Trouble in Colville, WA: Child Protective Services In The Crosshairs
BY AUSTIN JENKINS
Colville, WA May 14, 2009 6 a.m.
To paraphrase Shakespeare, something is rotten in the remote northeast corner of Washington State. It’s the child welfare system.
A new Ombudsman report finds a “serious crisis of confidence” that’s putting children and families at risk.
The report seems to confirm what community leaders have been saying for months. Correspondent Austin Jenkins recently visited Colville, WA and filed this story.
It’s a spring evening in Colville. Leigh Roubideaux’s daughters – ages 7 and 4 – are playing on their swing set in their front yard.
Leigh Roubideaux’s daughters were taken by CPS in 2008
It was a very different picture last August. That’s when Roubideaux’s kids strayed into the busy street in front of their house.
Someone called the police and soon Child Protective Services was knocking at the door. Roubideaux – who has developmental disabilities – remembers that day well.
Leigh Roubideaux: “I was petrified. I was in tears.”
CPS took the kids away. It took three weeks and the support of friends and neighbors – like local businesswoman Lisa Shinn – for Roubideaux to get her daughters back. Shinn thinks CPS discriminated against Roubideaux because of her disability and the fact she’s Native American.
Lisa Shinn: “We would all have our children taken away if someone saw them playing in the street everyone would have their children taken by CPS if that is the criteria.”
This is just one example of a litany of complaints against Children and Family Services in Northeast Washington.
Stevens County Prosecutor Tim Rasmussen sits in an easy chair in his living room with two accordion files at his feet. In those files are the stories of people who feel they’ve been wronged by state child welfare officials.
Tim Rasmussen: “There’s a lot of human tragedy here. There’s a lot of tragic, tragic situations.”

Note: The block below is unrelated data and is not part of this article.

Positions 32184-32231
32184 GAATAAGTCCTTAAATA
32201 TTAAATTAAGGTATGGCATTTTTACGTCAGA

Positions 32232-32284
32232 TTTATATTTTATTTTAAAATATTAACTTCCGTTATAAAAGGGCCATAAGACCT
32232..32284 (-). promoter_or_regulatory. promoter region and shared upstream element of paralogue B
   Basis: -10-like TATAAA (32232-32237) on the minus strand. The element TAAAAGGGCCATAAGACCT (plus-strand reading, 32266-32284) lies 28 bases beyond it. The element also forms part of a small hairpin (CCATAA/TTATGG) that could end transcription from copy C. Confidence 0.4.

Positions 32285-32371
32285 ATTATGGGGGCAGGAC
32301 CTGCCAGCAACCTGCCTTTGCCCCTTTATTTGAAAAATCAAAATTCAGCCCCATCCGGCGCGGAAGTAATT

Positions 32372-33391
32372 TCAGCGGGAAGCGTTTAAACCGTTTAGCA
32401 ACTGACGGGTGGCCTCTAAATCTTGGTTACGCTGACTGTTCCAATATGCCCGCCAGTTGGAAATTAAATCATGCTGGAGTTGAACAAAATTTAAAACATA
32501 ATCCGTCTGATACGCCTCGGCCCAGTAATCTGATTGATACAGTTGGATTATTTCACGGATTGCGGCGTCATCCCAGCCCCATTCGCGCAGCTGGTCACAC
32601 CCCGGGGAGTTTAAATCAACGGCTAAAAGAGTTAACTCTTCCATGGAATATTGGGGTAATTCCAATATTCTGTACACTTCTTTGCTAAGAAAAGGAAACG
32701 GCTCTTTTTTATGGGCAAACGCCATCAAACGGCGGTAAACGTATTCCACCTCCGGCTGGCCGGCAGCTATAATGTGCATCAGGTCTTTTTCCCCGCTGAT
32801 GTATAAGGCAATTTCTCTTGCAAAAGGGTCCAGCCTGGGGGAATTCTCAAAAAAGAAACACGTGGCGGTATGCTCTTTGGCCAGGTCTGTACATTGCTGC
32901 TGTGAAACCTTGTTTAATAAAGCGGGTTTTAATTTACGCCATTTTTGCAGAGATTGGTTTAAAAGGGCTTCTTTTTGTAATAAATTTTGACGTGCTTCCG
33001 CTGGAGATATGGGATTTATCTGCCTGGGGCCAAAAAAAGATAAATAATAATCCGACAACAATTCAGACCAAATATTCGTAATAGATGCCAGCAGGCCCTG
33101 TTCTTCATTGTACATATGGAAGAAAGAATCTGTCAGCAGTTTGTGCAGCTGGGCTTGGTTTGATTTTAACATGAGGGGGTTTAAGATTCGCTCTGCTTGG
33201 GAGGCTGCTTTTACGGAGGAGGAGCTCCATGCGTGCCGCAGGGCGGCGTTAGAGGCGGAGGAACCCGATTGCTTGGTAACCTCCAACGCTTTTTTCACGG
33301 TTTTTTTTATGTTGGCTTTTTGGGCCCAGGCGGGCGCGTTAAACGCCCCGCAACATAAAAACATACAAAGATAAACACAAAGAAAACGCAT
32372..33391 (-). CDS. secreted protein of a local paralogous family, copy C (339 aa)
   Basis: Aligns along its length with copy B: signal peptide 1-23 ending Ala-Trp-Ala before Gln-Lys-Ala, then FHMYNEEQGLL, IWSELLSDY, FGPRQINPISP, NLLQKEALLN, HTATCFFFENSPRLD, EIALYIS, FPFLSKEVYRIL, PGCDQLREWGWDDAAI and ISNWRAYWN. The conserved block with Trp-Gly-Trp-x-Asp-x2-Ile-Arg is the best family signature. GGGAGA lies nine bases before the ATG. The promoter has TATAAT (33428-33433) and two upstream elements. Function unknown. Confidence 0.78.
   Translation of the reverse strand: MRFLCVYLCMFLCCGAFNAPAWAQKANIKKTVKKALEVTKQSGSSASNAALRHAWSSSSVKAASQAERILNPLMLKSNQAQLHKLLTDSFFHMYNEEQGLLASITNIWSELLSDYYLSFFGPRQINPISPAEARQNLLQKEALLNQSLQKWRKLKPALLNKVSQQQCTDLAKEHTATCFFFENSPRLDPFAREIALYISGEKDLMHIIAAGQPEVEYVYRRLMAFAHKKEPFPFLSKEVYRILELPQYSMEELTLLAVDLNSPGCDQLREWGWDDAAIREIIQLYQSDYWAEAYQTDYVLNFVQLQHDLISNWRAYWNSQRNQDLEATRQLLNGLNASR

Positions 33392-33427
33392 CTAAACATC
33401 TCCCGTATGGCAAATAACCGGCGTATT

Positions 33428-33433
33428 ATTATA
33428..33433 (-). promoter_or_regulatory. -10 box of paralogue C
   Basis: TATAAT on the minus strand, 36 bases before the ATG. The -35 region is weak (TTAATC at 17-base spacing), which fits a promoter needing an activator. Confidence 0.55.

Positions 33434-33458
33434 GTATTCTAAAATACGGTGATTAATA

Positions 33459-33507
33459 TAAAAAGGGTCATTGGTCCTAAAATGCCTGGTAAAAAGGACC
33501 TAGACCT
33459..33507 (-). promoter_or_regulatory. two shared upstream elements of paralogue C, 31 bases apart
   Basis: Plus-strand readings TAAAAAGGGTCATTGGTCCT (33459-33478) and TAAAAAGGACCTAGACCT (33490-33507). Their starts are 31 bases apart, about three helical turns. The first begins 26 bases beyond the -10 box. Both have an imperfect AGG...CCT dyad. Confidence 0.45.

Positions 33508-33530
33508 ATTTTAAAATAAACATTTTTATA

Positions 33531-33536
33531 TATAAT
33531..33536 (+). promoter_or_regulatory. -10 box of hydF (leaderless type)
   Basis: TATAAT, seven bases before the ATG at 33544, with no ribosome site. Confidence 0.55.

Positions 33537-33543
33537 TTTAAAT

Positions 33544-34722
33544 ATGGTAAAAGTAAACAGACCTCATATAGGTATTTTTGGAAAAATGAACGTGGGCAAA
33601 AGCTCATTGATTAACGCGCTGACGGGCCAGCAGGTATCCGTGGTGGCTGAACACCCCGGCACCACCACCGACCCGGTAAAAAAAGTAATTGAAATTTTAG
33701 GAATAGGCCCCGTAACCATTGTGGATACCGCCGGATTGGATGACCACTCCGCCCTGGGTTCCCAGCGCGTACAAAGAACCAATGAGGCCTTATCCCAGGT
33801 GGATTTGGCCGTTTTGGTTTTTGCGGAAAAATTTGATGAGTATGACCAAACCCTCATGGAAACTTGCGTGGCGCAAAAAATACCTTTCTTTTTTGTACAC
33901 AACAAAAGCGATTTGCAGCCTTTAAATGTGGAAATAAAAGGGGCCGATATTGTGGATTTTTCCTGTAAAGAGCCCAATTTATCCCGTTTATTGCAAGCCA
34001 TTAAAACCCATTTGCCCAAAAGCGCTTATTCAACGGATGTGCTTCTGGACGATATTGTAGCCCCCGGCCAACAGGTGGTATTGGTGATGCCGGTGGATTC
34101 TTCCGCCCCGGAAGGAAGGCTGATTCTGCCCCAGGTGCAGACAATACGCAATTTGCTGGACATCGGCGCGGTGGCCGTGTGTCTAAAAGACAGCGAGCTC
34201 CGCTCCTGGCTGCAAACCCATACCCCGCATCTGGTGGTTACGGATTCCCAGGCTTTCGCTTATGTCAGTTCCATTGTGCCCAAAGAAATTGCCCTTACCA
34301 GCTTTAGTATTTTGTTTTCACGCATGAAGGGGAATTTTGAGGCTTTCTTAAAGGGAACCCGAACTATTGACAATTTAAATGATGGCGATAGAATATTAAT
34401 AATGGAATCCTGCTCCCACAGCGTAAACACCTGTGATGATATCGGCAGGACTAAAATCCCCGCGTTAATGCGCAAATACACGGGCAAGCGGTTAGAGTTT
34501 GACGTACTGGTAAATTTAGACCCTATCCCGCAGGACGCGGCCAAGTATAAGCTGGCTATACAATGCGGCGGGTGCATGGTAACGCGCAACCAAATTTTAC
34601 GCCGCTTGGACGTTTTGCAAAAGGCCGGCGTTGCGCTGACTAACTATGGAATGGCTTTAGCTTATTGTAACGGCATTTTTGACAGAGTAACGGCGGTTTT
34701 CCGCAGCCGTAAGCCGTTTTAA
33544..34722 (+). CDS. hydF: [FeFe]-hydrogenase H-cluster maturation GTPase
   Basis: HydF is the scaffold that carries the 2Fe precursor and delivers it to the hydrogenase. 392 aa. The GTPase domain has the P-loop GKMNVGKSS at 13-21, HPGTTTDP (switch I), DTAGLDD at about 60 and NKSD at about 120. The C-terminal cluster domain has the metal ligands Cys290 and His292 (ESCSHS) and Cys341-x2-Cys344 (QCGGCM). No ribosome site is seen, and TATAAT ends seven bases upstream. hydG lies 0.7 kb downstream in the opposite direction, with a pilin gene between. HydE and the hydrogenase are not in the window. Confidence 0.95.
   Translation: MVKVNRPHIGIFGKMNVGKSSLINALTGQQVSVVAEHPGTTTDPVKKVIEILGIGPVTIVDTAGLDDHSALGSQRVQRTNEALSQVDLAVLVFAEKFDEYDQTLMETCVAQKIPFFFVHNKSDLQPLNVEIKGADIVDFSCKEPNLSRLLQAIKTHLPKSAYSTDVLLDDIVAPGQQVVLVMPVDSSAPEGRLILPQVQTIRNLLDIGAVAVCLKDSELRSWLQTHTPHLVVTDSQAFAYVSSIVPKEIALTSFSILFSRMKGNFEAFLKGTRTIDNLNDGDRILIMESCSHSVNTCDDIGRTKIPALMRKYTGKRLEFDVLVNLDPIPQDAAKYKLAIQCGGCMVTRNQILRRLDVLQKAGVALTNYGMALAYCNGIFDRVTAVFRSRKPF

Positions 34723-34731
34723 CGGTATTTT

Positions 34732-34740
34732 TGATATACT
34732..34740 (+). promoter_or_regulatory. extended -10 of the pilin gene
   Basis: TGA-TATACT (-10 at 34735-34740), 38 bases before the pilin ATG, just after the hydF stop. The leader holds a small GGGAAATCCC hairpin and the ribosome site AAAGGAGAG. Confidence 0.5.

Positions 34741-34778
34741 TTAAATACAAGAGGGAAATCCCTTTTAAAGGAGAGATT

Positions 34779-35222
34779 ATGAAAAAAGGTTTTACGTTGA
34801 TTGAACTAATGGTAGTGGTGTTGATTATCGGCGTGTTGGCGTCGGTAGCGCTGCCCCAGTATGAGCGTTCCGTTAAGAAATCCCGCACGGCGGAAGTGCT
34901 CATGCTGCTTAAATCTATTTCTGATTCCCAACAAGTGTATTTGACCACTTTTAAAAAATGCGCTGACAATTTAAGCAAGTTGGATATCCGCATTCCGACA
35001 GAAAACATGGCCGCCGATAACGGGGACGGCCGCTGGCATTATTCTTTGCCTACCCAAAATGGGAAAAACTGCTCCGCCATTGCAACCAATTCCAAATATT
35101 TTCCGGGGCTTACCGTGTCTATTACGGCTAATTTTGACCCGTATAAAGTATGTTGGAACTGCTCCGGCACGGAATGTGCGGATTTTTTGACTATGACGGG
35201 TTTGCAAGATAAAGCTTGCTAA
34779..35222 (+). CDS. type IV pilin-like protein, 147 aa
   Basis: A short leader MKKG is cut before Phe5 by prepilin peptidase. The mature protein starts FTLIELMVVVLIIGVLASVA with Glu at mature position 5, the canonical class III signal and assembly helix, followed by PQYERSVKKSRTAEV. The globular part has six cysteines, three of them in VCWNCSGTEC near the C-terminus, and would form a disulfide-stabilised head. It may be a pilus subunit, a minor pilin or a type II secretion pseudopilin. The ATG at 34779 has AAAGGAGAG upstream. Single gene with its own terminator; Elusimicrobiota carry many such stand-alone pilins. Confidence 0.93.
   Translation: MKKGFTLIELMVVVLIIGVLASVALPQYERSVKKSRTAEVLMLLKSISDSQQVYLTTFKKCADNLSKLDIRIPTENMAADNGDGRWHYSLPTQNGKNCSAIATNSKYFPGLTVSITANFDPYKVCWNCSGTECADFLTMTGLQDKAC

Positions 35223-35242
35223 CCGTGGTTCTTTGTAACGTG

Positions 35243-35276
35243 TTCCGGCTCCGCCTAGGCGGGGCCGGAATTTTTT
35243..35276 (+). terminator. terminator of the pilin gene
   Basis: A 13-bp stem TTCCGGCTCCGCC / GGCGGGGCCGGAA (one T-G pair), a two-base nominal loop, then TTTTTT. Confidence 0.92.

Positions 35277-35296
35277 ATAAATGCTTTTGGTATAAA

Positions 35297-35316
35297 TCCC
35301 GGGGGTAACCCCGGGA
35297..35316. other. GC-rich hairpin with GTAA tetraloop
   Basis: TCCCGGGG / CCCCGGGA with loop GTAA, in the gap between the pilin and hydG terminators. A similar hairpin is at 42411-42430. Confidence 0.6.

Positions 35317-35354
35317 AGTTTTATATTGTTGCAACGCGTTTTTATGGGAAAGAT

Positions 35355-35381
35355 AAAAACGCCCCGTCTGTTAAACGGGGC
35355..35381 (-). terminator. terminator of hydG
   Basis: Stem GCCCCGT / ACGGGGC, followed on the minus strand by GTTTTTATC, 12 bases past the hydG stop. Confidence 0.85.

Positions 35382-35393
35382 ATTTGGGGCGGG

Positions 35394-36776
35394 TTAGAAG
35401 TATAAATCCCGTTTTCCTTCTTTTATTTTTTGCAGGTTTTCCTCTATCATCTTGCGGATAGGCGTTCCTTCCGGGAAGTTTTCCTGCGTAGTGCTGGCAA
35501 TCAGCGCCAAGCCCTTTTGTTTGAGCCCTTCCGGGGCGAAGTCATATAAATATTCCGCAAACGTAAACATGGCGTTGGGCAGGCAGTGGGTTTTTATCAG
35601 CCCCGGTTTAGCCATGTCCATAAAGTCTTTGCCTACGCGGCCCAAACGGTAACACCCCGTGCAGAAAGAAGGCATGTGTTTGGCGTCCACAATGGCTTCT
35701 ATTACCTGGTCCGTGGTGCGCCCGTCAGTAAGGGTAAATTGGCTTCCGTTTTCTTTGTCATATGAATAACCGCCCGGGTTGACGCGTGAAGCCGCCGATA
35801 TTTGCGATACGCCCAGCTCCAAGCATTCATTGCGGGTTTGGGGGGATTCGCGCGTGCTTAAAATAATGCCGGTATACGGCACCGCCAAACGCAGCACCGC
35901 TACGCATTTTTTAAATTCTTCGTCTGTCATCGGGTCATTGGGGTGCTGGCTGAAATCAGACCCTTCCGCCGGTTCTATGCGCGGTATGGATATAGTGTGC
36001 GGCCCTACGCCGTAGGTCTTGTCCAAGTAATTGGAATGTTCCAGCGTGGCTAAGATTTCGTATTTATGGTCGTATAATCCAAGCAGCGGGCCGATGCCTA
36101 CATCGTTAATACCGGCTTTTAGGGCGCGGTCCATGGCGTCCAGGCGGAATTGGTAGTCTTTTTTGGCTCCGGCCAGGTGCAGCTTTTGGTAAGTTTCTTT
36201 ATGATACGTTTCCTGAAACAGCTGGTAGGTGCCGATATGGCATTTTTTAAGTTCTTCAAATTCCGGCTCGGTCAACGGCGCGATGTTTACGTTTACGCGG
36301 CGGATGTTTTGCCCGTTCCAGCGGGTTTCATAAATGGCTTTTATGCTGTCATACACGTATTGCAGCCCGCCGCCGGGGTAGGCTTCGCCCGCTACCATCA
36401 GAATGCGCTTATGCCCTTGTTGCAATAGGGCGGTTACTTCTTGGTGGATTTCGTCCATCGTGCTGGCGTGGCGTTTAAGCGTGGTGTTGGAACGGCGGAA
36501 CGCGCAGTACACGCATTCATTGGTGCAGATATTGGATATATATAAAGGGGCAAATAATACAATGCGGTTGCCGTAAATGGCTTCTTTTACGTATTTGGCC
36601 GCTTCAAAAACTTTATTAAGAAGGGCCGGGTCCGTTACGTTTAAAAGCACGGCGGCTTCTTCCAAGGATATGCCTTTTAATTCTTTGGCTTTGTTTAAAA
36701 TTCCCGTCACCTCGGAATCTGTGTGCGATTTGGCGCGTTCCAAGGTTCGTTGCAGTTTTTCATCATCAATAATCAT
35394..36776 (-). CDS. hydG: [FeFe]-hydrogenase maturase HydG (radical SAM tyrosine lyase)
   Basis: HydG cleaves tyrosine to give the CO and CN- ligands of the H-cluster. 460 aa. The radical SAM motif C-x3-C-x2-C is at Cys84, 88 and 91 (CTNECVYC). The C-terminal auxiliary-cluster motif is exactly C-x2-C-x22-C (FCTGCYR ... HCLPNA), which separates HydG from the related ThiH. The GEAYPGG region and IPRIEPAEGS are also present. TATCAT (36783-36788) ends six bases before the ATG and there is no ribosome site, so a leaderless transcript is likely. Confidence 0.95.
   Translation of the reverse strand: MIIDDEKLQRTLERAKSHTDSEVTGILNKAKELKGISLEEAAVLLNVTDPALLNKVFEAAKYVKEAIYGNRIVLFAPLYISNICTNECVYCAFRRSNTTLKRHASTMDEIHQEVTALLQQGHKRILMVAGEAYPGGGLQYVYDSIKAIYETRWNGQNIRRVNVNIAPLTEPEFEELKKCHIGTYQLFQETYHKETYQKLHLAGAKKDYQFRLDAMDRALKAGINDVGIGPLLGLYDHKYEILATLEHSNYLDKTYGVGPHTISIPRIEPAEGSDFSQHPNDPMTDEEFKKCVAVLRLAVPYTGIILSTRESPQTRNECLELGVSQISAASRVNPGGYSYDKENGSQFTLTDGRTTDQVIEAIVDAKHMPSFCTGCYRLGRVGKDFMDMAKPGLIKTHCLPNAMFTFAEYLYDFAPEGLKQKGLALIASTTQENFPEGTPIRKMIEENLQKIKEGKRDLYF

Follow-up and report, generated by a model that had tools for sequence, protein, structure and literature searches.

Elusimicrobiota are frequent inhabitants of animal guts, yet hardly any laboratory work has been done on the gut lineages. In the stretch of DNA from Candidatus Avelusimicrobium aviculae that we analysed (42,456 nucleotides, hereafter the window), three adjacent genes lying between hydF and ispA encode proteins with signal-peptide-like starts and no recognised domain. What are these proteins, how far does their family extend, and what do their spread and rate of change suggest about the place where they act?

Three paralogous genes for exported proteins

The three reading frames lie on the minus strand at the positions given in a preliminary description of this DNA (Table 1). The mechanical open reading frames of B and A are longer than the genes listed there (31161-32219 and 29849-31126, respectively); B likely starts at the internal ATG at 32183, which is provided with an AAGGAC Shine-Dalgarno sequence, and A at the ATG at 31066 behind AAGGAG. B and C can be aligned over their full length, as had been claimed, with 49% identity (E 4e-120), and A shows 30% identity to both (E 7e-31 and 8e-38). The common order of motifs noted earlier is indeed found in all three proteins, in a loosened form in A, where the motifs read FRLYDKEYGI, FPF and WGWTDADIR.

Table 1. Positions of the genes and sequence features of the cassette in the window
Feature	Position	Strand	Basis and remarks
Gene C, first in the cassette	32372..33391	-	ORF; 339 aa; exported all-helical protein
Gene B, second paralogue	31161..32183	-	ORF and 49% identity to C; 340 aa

For the past many months — at the request of a state lawmaker — Rasmussen has collected accounts of what he calls a “pattern of misconduct” by the Colville, Washington office of Children and Family Services.
In one of the more high profile cases, five children were removed from the home of a well-known foster family. A judge later called it a “slap in the face” and an “overreaction” that resulted in “tremendous upheaval” for the children.
Some of them were siblings who were separated from each other. Rasmussen’s theory is that caseworkers overreacted because of something horrible that happened in Colville back in 2005.
A 7-year-old boy named Tyler DeLeon was starved to death by his foster mother.
Tim Rasmussen: “What’s happening now is just a different chapter in the book if you would. Tyler DeLeon is one chapter and they missed the mark in one direction and in some of the current cases they appear to have missed the mark in another direction.”
Prosecutor Rasmussen recently wrote a letter to Governor Chris Gregoire that says he believes there’s a “culture of deceit and deception” within the Colville child welfare office.
He’s even considering criminal charges against a CPS worker for violating a court order.
Rasmussen isn’t the only one critical of Children and Family Services. Patty Markel runs the CASA program in Stevens County. These are the Court Appointed Special Advocates who represent the children in child dependency cases. She alleges that CPS caseworkers act in a “willy-nilly” fashion that’s personality driven and motivated by a fear of lawsuits.
Patty Markel: “What I see now is more liability-driven decision making. And that’s concerning because that’s not necessarily – this whole system is supposed to be about the best interests of children”